Last Updated on May 5, 2015, by eNotes Editorial. Word Count: 696
*England. Peregrine’s home and the scene of many of his adventures. Most members of the genteel society in which Peregrine prefers to move, spend the great majority of their time in London and at various country estates, entertaining and visiting friends. Smollett’s setting is England before the Industrial Revolution. For Peregrine, the great metropolis of London does not significantly differ from the rural counties, with lovers and scoundrels to be found in both places, and ruination or advancement equally likely to happen in either.
Very much a writer of his time, Smollett is unlike the Romantics of a later generation in that he does not use location as an organic or emotional backdrop for his characters and their actions. The landscape is a knowable quantity, as it had been for centuries. Thus when Peregrine visits London the first time, he is not overwhelmed by new sensations. New places merely represent new opportunities—usually for mischief.
*Continental Europe. The grand tour of Europe was requisite for all gentlemen of fashion. Peregrine is sent on a journey through France and the Low Countries (future Belgium and Holland) with the idea of improving his education and exposing himself to the niceties of French society. Being a spirited young man, however, he tends to devote his energy to wooing women, getting in fights, playing pranks on his companions, and avoiding the law. He dutifully sees the various tourist sights of the day, usually at the instigation of his tutor or a local person, but he is far more interested in the people he meets, as Smollett’s aim is to critique society’s follies, not to write a travelogue. Though some peculiarities of nationality are observed, the people Peregrine encounters in Europe do not differ greatly from those he meets in England.
Commodore’s Garrison. Home of Peregrine’s salty old sea-captain uncle, Commodore Hawser Trunnion, who adopts Peregrine after the latter’s parents disown him. The commodore has outfitted his home like a ship. He and his mates, Lieutenant Hatch and Tom Pipes, sleep in hammocks, fire cannons from the roof, and generally carry on as though they are aboard a ship at sea. Built like a fortress, the garrison becomes a loving home for Peregrine and, in the commodore’s parlance, a “safe harbor” to which he can always return.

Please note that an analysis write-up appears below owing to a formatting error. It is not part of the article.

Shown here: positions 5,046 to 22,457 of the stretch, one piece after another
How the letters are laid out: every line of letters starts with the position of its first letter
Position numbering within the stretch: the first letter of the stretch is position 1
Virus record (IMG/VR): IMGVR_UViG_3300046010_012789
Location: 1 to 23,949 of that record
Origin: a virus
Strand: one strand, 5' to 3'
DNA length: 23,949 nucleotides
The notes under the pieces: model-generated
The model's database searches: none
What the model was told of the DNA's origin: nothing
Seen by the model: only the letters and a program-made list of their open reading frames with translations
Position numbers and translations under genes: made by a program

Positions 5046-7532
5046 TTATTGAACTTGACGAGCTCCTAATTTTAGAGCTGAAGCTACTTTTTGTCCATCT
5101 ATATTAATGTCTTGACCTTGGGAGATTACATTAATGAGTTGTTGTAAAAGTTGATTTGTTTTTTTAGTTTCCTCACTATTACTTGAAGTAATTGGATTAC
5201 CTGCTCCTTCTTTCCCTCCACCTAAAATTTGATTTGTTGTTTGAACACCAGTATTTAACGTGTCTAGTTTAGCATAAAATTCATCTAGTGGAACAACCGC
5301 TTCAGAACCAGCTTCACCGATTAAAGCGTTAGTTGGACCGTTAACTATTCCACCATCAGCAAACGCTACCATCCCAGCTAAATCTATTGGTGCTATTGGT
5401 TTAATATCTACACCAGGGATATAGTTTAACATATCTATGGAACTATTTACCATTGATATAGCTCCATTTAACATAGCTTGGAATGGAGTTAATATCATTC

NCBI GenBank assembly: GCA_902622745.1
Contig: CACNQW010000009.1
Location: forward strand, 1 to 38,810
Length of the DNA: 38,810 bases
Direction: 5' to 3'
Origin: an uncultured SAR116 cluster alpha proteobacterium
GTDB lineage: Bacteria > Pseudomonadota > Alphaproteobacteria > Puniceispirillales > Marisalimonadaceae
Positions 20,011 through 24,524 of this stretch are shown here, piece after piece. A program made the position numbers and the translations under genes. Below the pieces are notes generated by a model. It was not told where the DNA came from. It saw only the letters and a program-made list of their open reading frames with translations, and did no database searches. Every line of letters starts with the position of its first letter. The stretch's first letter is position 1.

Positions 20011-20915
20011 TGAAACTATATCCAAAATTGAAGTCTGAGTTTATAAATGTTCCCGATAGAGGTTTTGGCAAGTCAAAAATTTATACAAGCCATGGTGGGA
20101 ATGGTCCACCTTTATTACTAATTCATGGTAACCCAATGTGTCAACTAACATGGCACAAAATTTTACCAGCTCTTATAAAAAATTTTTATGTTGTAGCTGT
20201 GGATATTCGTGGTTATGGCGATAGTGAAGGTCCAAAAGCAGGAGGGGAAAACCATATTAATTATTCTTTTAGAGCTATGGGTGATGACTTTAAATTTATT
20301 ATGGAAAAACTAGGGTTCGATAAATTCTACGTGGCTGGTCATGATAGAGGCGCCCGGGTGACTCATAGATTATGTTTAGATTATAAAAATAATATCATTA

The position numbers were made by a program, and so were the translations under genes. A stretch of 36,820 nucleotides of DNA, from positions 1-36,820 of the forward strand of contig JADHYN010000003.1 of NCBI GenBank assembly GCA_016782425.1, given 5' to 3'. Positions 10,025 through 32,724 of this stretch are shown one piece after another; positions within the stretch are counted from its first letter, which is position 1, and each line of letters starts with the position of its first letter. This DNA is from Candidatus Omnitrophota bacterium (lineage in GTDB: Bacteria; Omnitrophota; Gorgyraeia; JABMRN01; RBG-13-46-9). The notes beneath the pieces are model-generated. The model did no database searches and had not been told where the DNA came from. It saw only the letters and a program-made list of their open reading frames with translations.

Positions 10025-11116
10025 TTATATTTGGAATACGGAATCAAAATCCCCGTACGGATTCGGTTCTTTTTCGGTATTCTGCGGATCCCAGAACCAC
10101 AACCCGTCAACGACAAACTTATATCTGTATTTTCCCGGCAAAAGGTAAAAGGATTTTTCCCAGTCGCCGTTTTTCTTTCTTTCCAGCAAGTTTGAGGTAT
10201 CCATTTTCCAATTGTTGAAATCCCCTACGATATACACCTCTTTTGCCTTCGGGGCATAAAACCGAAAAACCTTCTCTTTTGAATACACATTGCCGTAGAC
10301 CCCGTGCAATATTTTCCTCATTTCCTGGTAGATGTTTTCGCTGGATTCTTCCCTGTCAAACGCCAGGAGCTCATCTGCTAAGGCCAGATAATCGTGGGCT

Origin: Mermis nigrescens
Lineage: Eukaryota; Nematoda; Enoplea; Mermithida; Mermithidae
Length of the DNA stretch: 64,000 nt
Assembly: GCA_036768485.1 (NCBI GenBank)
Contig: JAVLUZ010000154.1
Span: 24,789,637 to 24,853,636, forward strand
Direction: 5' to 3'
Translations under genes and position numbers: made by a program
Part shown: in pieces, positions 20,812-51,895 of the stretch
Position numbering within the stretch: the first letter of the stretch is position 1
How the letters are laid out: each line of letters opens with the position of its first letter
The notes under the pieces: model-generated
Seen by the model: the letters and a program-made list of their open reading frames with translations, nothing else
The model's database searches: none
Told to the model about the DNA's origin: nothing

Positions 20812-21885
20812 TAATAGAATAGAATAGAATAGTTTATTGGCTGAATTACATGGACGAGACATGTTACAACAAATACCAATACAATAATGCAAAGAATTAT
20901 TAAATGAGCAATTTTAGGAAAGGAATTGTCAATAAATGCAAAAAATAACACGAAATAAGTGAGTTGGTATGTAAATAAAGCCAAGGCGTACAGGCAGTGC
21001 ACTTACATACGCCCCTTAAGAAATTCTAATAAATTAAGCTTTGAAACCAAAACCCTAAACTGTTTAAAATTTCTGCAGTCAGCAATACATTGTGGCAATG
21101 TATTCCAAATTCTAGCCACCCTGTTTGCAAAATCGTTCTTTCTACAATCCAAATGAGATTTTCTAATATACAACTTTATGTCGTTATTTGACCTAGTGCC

When Peregrine and his entourage arrive back from the Continent, they are welcomed at the garrison like conquering heroes. Guns are fired, torches are lit, and a giant keg of beer is tapped. It is a warm, festive atmosphere indicative of the love the commodore has for the young man. After the cruelty Peregrine has been shown by his own parents and a sometimes hostile world, the garrison is a sorely needed refuge.
*Bath. Fashionable English resort and spa town. Bath was one of the favorite “in” spots of the beau monde (upper class) in Georgian England. Peregrine and his friend Godfrey conquer the town soon after their arrival. They outwit a band of con men at billiards, humiliate a notorious bully, and win the hearts (and favors) of many women. Although Peregrine emerges a local gentleman of some fame, it is a dubious distinction, as Bath society itself is exposed for all its chicanery, vanity, and hypocrisy. It is a world in which Peregrine’s showy brilliance can triumph but ultimately not a place in which substantiality and human goodness are prized.
*Fleet Street Prison
*Fleet Street Prison. Large citylike jail in London. A victim of bad judgment and duplicitous schemers, Peregrine at last finds himself behind bars. The Fleet is really more like a small village with gates. Prisoners can go to a coffeehouse, receive visitors, and buy their own necessities. It is actually a microcosm of the world outside. But here, Peregrine is made acquainted with some truly noble human beings who have been reduced to their present condition by the wicked ways of the supposedly virtuous society outside the walls. He finally realizes that the beau monde is fickle and deceitful and chooses to snub them when his fortune and good name are finally returned.
Last Updated on May 5, 2015, by eNotes Editorial. Word Count: 188
Buck, Howard S. A Study in Smollett, Chiefly “Peregrine Pickle.” New Haven, Conn.: Yale University Press, 1925. The earliest scholarly study of the novel, still valuable. It collates the first and second editions of the novel and explains the many quarrels Smollett included in it.
Evans, David L. “Peregrine Pickle: The Complete Satirist.” Studies in the Novel 3, no. 3 (Fall, 1971): 258-274. A favorable view, arguing that the novel is not only a satire but also a study of satire, combining the conventions of both forms.
Putney, Rufus. “The Plan of Peregrine Pickle.” PMLA 60, no. 4 (December, 1945): 1051-1065. An argument for the careful and harmonious structure of the novel, focusing upon Peregrine’s moral journey.
Smollett, Tobias. The Adventures of Peregrine Pickle. Edited by James L. Clifford. New York: Oxford University Press, 1964. Unexpurgated text of the first edition, with good introduction, notes, and bibliography. The supporting text is an excellent starting point.
Weinsheimer, Joel. “Defects and Difficulties in Smollett’s Peregrine Pickle.” Ariel: A Review of International English Literature 9, no. 3 (July, 1978): 49-62. An unfavorable estimate, arguing that the novel fails as satire, as a Bildungsroman, and as a combination of the two.
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